However, the opposition leaders do have something profoundly lacking
among many in the current ruling regime - and that is, a moral and
ethical core and patriotism - and that means a hell of a lot!
diaspora efforts, I'm a big believer that almost everything helps -
the valuable efforts of UABA and UMANA and others, efforts large,
small, individual, in the legal, health, cultural, educational,
youth, women's, charitable, and other fields. There are people in
the diaspora - including many of you - contributing knowledge, time,
energy, and, very importantly, financial resources -- because you
are not indifferent!
efforts also include supporting and joining efforts for Ukraine to
become a real democracy, a key component of which is free and fair
elections. Most Ukrainian Americans are not duped and recognize the
realities of the current regime. After all, just think of how far
ahead Ukraine would be in terms of foreign investment if you didn't
have the current status quo. Or, if there were a genuinely
independent judiciary - something now lacking in Ukraine by almost
everyone's admission -- or police that respect the human rights of
average citizens - how much better would things be for the Ukrainian
people? Or imagine how far ahead Ukraine would be in the highly
problematic health care field if you had rule of law, less
corruption, and accountability by the authorities to the people?
Let's take HIV/AIDS - a very serious problem in Ukraine, as many of
you know better than I do. Or trafficking. I realize that these are
multifaceted and complex issues, but I challenge anyone to tell me
why you wouldn't have more progress combating these scourges under a
Yushchenko Administration versus a Yanukovich one.. Imagine what can
be done if the billions that were stolen by the oligarchs sitting
off shore - if even a fraction of that was being used effectively by
authorities who cared about their own people -- to help build
Ukraine's health, legal, educational, political infrastructures?
Let's not forget that 5-7 million Ukrainians have been compelled to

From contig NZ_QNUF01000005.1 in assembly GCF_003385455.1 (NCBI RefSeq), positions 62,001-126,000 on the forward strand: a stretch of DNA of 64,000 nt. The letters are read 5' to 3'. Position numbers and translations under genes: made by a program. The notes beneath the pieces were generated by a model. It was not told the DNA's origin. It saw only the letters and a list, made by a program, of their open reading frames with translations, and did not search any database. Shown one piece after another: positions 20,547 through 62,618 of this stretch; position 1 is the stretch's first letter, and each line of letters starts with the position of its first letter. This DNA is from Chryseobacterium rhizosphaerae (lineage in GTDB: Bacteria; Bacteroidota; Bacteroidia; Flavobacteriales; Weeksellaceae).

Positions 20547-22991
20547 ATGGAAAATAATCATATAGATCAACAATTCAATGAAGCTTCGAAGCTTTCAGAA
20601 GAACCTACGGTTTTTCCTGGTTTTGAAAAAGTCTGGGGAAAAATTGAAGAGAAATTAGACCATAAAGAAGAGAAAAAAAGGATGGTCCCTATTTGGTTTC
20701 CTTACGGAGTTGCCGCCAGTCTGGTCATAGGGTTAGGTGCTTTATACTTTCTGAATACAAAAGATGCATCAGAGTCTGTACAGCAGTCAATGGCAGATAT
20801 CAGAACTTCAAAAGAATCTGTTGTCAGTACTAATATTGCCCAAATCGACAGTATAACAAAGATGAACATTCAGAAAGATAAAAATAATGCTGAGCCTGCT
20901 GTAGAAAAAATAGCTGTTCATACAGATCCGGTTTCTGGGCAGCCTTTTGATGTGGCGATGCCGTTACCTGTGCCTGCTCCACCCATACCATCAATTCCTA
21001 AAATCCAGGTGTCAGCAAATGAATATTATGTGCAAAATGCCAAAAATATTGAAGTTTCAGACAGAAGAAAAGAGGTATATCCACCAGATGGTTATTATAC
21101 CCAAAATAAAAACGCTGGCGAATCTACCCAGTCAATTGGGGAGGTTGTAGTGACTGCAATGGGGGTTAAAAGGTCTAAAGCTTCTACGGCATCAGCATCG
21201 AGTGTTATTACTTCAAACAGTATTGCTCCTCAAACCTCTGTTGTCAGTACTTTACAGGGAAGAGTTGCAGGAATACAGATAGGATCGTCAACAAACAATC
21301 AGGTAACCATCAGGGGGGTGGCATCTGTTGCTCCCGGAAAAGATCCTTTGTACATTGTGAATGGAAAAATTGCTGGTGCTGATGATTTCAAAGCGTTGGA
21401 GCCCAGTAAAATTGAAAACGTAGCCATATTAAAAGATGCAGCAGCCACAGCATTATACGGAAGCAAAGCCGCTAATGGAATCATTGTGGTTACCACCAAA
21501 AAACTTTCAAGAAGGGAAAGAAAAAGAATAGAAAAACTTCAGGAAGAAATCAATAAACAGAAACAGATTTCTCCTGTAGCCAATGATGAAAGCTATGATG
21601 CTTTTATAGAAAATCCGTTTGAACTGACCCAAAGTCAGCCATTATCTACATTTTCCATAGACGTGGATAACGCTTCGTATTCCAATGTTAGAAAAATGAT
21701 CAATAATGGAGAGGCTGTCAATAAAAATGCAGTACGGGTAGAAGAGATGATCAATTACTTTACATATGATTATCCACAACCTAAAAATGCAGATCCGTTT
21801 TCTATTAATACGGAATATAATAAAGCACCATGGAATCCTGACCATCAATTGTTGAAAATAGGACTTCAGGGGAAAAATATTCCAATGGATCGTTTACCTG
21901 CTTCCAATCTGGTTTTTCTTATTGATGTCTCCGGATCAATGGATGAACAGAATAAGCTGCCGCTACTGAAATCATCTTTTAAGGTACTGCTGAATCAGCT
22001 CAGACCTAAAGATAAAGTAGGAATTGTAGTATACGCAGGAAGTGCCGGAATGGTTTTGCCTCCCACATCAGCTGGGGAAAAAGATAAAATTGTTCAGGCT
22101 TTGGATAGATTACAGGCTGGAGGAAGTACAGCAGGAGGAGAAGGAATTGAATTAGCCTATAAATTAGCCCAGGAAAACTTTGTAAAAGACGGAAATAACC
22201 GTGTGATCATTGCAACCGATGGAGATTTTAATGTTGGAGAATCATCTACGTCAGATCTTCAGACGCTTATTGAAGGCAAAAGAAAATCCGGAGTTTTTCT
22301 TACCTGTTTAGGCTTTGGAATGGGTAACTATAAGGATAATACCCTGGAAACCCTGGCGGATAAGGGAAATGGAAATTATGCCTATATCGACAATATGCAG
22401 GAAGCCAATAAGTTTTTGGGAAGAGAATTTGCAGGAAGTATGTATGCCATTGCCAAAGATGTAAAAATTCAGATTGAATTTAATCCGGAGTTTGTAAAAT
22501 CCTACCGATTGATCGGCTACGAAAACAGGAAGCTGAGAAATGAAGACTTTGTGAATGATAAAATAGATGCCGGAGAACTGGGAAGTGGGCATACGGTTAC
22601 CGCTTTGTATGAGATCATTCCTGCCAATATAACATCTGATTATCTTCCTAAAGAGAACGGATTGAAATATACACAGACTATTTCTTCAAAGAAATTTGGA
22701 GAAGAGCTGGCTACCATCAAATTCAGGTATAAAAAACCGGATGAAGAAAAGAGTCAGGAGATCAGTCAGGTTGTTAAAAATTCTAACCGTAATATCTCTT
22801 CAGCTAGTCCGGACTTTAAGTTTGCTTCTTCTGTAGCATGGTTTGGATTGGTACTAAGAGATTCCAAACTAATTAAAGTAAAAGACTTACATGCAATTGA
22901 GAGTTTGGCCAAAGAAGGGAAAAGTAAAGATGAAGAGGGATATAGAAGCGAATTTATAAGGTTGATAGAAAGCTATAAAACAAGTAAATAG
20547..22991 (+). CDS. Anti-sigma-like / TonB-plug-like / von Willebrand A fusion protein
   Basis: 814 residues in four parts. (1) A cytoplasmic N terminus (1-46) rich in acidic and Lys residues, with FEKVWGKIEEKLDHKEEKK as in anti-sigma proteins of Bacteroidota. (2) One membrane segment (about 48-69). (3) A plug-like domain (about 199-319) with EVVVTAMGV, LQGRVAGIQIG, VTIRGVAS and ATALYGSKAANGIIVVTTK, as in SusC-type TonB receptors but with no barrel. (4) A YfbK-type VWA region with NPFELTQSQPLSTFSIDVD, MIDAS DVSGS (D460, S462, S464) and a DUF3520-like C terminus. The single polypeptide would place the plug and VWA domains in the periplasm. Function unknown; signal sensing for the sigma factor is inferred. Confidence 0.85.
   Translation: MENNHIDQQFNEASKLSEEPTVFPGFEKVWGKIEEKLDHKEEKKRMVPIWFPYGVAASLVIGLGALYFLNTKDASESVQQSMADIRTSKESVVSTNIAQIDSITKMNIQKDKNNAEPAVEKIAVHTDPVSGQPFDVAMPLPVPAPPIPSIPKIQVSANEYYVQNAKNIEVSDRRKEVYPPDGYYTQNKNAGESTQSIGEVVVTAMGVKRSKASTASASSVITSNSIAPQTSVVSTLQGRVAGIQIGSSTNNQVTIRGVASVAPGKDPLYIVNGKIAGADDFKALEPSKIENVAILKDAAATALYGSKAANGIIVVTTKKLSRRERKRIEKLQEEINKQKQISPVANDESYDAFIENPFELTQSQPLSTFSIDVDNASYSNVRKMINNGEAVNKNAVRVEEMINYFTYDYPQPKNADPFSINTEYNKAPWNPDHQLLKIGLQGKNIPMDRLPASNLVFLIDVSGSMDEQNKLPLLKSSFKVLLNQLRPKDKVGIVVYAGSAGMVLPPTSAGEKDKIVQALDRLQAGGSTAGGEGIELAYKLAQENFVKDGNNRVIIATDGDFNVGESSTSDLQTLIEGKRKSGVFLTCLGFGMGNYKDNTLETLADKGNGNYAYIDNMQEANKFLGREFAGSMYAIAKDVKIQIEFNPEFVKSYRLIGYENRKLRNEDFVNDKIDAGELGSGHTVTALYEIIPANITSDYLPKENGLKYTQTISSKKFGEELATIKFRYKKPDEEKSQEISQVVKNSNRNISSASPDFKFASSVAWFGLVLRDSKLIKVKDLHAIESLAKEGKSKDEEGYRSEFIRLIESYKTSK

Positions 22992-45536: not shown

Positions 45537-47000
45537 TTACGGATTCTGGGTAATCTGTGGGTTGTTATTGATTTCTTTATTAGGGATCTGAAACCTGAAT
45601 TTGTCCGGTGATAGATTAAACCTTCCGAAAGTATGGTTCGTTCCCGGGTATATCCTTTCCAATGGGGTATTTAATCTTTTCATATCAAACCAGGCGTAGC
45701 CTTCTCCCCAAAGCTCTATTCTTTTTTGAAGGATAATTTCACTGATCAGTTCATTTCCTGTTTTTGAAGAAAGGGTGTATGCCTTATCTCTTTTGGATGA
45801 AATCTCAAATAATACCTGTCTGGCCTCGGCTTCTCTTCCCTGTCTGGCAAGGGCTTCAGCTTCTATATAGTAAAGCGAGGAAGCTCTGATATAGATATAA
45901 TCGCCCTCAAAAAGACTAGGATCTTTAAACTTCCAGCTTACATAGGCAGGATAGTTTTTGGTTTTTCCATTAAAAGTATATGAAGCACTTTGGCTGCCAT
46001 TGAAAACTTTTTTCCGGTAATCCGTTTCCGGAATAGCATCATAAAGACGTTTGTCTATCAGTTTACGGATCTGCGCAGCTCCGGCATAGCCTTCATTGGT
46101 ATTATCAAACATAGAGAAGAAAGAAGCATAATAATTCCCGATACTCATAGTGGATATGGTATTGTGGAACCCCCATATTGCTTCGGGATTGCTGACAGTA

seek work abroad in the last decade. The Ukrainian population has
also shrunk by 5 million, a demographic disaster similar to that of
the 1933 famine or World War II. I believe that a decade of
irresponsible leadership bears at least some responsibility for this
sad state of affairs.
I'm a believer that every expression of concern matters - whether by
the US government, the Helsinki Commission, OSCE, or, for that
matter, the diaspora. The alternative is to remain silent, which
only gives the regime the green light to act with impunity. The West
continues to support democracy and human rights in Ukraine, which
not surprisingly, the vlada resents. But it's important to stress
that Ukraine freely joined the OSCE and other European institutions,
and thereby is obligated to adhere to its commitments. Nobody put a
gun to their head and said do it. The regime wants respect from the
international community, they want to be part of Europe, but they
aren't always willing to make the choices to achieve that noble goal.
As we all
know, Ukraine's independence was the predominant value, the driving
force, if you will, of the Ukrainian diaspora for many decades.
Hence, the understandable frustration about current Ukrainian
realities. But the best way to assure Ukraine's independence and
freedom for its people that so many sacrificed for, is for Ukraine
to become integrated into the Euro-Atlantic community. This does not
necessarily mean joining all of the institutions right away, but
becoming a European country in terms of shared values - and that
means respect for human rights, democracy, rule of law I am firmly
convinced that when Ukraine genuinely subscribes to these values and
becomes a true member of the Euro-Atlantic community of nations, she
will never again have to worry about domination from any "evil
empire." We can't forget that the struggle for Ukraine's
independence is also the struggle to restore the human dignity of
the Ukrainian people. The promotion of human rights, civil society,
democratic development - including free elections -- in Ukraine is
the best way to not only encourage the material and spiritual
well-being of the people. It is ultimately the most genuine
assurance of Ukraine's independence!
achieve these goals? Obviously, an important indicator will be these
elections. And it's hard to predict what will happen with confidence,
because the situation is still quite fluid, and the scenarios abound.
But even if they don't come out the right way, I'm an optimist and I
believe Ukraine is destined to succeed, if not in the short-term,
than in the long-term. My optimism is based on seeing the courage of
those in Ukraine struggling for democratic change and on centuries
of Ukrainian history, during which the Ukrainian people have shown
their indomitable spirit, that they will always struggle for freedom
and human dignity until it is at last truly achieved.
31, Ukrainians will go to the polls. But coming during the final
run-up to the U.S. elections, the proceedings are unlikely to draw
the attention they deserve. Ukrainians will decide the fate of their
nation and possibly that of Russo-European relations. The election
results could lead to conditions that the United States cannot
afford to ignore.